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Why You Need to Combine Social and Business

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Why You Need to Combine Social and Business

Combining a social element with business invites creative thought. Consider how you may mix the two for a fuller sales pipeline.

On occasion, I will go out to coffee or lunch with a business associate to catch up on the news or become more familiar with one another. Invariably, new ideas arise that promote motivation for pursuing next steps. In the meantime, we enjoy the ambiance of the environment and further build our friendship.

Last week’s casual lunch shed light on how much an associate and I have in common of a personal nature. And by the time we parted, I was provided with two ideas that are currently in the research stage. On my end, an offer of introductions was made for when the time is right. At the end of lunch, we both eagerly agreed to meet socially for business on an on-going basis.

Some companies similarly mirror the idea of engaging in social activities to encourage creative thought. One such non-profit sent invitations for a Happy-Hour get-together to all its members in the area. It has been a long while since we have seen one another. With delicious food in hand, and reconnecting, the conversation promises to be highly energetic.

There is a note of caution, and that is to be careful with the amount of alcohol one consumes. I have been witness to social events where egotistical salespeople and management gave away inside information. After the fact, they lost business, and one person was put on notice regarding his job.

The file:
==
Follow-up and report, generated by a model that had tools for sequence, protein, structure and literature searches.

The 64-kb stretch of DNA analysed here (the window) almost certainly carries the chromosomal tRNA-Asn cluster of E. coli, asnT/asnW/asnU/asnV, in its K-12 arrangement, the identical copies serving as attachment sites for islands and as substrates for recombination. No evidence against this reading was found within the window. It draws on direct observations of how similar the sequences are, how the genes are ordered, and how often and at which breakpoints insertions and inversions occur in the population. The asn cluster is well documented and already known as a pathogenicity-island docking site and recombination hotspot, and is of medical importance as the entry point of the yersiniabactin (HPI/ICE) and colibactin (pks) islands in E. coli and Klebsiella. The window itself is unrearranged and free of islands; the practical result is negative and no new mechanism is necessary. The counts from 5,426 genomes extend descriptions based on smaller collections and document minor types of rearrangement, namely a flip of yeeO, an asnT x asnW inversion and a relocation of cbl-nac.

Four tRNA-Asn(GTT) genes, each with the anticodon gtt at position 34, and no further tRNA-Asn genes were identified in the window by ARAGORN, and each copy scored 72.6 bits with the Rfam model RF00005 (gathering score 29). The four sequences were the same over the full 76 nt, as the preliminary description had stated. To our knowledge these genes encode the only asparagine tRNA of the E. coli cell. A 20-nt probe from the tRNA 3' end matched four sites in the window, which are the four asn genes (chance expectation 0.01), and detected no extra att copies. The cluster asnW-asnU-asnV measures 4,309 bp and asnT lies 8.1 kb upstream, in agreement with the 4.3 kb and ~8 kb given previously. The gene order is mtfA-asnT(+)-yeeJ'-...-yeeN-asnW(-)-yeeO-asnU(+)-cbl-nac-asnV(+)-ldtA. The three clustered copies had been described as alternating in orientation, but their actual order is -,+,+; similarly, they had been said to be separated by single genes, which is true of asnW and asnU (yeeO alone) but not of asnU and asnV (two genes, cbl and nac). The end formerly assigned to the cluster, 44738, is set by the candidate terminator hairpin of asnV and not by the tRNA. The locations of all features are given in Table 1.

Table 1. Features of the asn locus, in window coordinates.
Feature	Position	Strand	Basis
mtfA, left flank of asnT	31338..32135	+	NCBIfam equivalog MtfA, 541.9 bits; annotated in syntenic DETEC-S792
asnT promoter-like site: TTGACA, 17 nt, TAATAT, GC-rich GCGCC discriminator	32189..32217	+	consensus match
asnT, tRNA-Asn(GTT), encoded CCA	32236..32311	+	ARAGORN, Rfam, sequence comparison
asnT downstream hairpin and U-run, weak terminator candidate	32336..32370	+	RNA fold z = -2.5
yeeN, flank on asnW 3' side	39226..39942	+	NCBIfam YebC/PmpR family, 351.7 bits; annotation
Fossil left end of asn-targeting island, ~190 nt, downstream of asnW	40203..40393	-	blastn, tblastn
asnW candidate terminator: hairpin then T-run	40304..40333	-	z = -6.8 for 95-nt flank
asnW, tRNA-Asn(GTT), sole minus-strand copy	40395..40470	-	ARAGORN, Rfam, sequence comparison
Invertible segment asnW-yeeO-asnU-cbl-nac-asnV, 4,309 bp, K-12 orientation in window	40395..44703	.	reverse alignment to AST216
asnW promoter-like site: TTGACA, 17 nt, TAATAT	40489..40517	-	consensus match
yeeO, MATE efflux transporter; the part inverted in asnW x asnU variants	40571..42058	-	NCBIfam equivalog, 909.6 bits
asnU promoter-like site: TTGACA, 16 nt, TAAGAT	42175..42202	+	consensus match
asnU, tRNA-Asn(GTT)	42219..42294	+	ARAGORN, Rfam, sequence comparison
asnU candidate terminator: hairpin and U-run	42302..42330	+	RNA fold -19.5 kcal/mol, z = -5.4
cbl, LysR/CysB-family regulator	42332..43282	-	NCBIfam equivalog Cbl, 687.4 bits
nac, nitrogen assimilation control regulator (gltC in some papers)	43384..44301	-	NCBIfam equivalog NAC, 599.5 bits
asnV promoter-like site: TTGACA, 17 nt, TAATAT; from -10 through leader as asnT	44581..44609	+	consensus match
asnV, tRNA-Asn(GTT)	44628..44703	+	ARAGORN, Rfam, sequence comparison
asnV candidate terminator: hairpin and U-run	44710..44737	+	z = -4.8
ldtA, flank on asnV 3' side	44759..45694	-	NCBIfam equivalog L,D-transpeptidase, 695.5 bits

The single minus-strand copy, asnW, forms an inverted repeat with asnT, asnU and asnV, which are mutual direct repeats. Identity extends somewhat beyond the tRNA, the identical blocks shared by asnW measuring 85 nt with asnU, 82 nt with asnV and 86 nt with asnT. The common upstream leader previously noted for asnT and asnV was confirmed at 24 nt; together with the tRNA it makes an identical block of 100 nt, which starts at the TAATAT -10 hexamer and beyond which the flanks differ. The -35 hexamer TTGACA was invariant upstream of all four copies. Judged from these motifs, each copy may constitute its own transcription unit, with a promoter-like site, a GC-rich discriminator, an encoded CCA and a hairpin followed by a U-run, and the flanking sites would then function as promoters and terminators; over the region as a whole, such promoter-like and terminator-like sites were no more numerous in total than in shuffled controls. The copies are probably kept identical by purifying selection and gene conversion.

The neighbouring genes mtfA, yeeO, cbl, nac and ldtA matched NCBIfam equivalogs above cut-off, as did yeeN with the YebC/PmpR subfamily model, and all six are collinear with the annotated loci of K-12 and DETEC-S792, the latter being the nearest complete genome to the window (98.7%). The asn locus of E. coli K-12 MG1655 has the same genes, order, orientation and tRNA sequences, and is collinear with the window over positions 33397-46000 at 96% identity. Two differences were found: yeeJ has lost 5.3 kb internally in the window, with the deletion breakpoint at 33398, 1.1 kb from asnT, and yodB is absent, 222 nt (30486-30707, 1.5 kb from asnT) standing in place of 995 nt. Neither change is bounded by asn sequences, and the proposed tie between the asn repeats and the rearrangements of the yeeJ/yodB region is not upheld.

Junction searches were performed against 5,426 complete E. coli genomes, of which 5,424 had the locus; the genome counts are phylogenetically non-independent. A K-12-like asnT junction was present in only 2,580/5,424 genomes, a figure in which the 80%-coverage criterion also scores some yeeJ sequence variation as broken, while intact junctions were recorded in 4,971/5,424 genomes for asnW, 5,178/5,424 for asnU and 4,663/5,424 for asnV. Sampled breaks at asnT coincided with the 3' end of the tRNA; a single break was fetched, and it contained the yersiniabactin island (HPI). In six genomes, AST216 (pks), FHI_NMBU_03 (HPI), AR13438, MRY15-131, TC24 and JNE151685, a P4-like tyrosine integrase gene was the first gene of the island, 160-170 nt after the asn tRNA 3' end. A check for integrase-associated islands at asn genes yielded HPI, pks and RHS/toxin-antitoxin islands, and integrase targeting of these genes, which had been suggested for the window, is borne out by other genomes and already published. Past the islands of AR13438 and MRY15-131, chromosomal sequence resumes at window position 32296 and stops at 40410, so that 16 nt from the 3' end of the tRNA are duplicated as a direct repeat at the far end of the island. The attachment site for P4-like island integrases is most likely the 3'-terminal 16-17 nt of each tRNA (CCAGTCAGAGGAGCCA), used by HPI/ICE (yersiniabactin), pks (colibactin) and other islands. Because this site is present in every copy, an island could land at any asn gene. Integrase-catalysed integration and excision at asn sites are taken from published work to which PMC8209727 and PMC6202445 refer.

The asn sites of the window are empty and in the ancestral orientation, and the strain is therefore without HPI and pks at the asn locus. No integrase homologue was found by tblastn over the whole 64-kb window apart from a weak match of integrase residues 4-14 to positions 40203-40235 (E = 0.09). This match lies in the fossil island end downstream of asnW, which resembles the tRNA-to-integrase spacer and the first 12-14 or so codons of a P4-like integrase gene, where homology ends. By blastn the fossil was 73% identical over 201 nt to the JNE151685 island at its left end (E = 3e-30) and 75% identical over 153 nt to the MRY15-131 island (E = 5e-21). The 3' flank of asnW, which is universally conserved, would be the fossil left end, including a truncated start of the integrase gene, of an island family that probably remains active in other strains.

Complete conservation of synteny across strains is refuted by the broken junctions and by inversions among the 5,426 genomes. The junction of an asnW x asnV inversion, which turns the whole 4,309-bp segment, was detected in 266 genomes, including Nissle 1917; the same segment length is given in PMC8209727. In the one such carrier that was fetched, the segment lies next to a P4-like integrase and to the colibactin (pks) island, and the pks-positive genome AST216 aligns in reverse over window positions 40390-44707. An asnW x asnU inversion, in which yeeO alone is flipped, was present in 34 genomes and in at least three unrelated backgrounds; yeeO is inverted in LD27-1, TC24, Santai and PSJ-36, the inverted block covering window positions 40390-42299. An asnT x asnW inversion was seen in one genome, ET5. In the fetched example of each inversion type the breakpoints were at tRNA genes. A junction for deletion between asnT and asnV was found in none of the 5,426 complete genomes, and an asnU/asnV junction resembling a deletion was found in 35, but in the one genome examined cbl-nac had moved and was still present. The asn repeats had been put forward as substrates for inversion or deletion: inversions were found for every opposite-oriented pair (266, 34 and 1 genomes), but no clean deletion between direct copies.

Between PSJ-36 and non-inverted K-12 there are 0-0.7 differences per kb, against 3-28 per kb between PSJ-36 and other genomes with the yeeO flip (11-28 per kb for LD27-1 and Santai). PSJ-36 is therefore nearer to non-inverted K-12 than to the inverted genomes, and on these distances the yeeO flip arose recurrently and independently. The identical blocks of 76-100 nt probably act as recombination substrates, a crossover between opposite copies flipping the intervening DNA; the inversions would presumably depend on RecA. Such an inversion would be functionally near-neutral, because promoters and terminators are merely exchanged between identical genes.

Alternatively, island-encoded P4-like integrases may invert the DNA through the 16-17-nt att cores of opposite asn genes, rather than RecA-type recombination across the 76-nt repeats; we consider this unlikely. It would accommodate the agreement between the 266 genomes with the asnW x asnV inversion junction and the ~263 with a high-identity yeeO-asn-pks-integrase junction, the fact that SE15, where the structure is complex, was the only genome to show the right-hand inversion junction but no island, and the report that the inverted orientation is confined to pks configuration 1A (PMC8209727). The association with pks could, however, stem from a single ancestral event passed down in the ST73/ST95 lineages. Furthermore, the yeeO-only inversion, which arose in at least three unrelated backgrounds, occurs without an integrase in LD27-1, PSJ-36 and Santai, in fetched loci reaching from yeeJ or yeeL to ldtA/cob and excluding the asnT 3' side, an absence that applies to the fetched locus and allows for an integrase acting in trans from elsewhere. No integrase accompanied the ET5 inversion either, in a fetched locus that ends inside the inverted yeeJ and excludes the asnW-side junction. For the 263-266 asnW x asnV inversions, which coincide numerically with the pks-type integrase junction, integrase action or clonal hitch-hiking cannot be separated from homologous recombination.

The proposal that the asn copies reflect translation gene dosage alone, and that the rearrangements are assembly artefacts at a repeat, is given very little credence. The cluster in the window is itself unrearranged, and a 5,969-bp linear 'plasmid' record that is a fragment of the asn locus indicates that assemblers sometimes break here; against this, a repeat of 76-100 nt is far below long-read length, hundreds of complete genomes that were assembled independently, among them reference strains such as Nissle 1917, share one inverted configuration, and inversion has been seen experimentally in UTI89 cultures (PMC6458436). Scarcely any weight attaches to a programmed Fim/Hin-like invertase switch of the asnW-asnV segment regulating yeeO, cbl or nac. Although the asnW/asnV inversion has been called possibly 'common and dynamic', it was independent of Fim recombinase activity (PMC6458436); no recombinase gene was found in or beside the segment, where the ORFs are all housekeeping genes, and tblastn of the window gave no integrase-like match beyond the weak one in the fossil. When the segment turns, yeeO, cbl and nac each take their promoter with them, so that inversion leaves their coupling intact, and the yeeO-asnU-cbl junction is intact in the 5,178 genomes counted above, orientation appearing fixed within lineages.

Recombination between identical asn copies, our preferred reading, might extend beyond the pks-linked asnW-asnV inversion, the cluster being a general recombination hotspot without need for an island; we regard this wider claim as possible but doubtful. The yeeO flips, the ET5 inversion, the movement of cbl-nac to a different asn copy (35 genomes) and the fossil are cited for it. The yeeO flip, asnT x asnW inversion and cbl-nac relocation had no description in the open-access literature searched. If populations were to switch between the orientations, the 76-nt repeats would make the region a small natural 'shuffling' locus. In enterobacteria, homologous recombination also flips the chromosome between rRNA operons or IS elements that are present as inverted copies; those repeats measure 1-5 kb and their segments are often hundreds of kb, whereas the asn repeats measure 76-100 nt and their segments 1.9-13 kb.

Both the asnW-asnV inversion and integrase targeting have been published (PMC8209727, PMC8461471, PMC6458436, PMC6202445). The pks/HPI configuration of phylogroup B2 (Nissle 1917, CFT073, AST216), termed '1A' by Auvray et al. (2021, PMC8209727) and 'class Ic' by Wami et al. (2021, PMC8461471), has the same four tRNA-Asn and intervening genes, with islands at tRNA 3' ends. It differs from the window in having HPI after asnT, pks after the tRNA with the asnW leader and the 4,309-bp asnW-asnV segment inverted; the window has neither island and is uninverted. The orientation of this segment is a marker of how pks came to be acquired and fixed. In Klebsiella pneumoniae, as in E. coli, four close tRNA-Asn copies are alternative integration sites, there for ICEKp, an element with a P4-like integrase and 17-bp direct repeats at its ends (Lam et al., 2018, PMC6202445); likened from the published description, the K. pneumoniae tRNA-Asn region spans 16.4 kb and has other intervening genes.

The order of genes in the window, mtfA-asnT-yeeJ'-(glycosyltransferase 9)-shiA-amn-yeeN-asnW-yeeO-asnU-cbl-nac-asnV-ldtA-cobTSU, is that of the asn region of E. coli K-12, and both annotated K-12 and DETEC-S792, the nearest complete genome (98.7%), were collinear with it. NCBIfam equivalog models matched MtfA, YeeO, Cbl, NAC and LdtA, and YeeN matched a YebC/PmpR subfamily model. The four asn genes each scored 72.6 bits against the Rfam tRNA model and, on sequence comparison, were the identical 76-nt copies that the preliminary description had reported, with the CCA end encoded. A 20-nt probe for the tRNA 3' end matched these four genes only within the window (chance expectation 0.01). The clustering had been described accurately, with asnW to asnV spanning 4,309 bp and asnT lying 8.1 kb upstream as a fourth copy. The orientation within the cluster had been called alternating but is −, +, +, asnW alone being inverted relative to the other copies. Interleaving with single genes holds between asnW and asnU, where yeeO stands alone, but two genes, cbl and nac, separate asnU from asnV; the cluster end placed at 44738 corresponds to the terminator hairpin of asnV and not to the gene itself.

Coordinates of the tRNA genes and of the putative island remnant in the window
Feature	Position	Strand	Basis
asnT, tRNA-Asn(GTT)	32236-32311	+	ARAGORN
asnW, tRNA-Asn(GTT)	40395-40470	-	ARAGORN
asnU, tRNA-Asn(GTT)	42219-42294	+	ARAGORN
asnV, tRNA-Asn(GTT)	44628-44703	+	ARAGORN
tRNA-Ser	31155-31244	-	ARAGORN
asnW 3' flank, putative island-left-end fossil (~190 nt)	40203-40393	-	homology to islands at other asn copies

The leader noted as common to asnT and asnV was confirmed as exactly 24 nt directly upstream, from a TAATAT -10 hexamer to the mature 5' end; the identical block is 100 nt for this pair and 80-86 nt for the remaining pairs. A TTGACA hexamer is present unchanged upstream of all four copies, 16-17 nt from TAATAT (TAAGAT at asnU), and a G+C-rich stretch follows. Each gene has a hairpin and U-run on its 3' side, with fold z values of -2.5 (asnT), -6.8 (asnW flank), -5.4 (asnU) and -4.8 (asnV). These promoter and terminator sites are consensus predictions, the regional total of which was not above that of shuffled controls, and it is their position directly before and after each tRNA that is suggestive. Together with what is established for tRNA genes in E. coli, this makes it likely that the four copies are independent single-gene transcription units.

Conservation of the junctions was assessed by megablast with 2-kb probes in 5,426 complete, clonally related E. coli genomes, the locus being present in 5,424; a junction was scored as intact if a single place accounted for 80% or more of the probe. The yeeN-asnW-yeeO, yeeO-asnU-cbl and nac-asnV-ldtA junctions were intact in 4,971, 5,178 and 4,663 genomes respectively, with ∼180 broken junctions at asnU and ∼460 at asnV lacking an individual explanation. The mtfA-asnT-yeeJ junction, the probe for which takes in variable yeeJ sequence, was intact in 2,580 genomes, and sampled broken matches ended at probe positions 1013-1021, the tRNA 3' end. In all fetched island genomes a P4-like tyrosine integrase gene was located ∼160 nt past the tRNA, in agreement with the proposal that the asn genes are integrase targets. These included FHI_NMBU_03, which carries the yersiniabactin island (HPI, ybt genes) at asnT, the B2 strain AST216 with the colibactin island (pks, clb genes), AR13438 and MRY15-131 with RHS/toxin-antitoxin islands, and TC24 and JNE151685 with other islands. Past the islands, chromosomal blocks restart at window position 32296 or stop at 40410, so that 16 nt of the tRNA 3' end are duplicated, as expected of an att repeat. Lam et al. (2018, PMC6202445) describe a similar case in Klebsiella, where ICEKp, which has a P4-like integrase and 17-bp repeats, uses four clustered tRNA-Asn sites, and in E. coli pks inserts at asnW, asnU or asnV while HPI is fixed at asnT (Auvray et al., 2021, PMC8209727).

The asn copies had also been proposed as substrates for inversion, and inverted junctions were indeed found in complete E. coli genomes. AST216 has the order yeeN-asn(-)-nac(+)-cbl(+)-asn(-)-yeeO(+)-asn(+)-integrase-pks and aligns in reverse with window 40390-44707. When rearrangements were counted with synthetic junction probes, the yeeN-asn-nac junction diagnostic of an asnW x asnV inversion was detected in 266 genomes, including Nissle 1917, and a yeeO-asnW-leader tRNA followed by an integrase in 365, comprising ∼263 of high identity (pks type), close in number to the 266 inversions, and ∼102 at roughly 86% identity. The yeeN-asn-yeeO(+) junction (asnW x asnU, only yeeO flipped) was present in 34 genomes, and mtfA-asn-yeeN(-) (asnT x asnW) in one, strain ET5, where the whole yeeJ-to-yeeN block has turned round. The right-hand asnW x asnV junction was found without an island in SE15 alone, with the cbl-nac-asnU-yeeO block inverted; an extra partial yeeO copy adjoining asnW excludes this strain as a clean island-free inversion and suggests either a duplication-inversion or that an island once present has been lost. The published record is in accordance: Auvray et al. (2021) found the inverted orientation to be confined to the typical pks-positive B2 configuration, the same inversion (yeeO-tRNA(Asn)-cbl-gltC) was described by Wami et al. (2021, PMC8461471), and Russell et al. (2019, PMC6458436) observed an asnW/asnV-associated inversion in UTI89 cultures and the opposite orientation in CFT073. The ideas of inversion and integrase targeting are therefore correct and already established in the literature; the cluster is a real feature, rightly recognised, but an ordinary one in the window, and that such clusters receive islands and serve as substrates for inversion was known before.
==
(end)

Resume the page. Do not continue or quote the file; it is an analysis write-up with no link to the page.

The best plan of action for growing sales is to combine social with business with the purpose of becoming familiar with the people involved. Relationship selling gets the results you seek

Pressure can be fierce in the corporate environment to make your numbers. For entrepreneurs stress is sometimes quite high with the fear of not bringing in enough business. These two states of mind often contribute to focusing strictly on the sale and not the person. The lack of being professionally personal has prospective clients questioning the motive and trustworthiness for doing business.

Consider if you:
 

  • Strictly talk business 
  • Show little care about your clients’ personal lives
  • Enjoy exchanging personal notes about life with clientele.
     

Create a list of your loyal clients. Decide if it’s time to treat some or all to coffee or lunch and get to know them better. If you are in a position to host an Open House or invite a group to an event venue, think about who you will ask and how you will treat the guests as they arrive. This combination of social and business requires much planning.

Another way to achieve the same effort is to attend online conference calls or in-person networking events. Listen carefully to the conversation to hear where your ideas may be of help. Offer insights and introductions that make a lasting impression. People will be forever appreciative. And many will reciprocate in some manner to further your endeavor, too. It pays off handsomely to combine social and business.

Related: What Are You Communicating Through the Grapevine?

Sales Tips for Combing Social and Business

  1. Remember the person behind the client

  2. Give each person the attention they deserve
  3. Build relationships and goodwill
  4. Develop understanding between yourself and those you meet
  5. Avoid dismissing ideas of others but research them first
  6. Be the one to offer introductions and insights for improvement
  7. Show appreciation for referrals and suggestions that come your way
  8. As your budget allows, treat clients to coffee or lunch
  9. Create special events to shower appreciation for clientele
  10. Celebrate Success!
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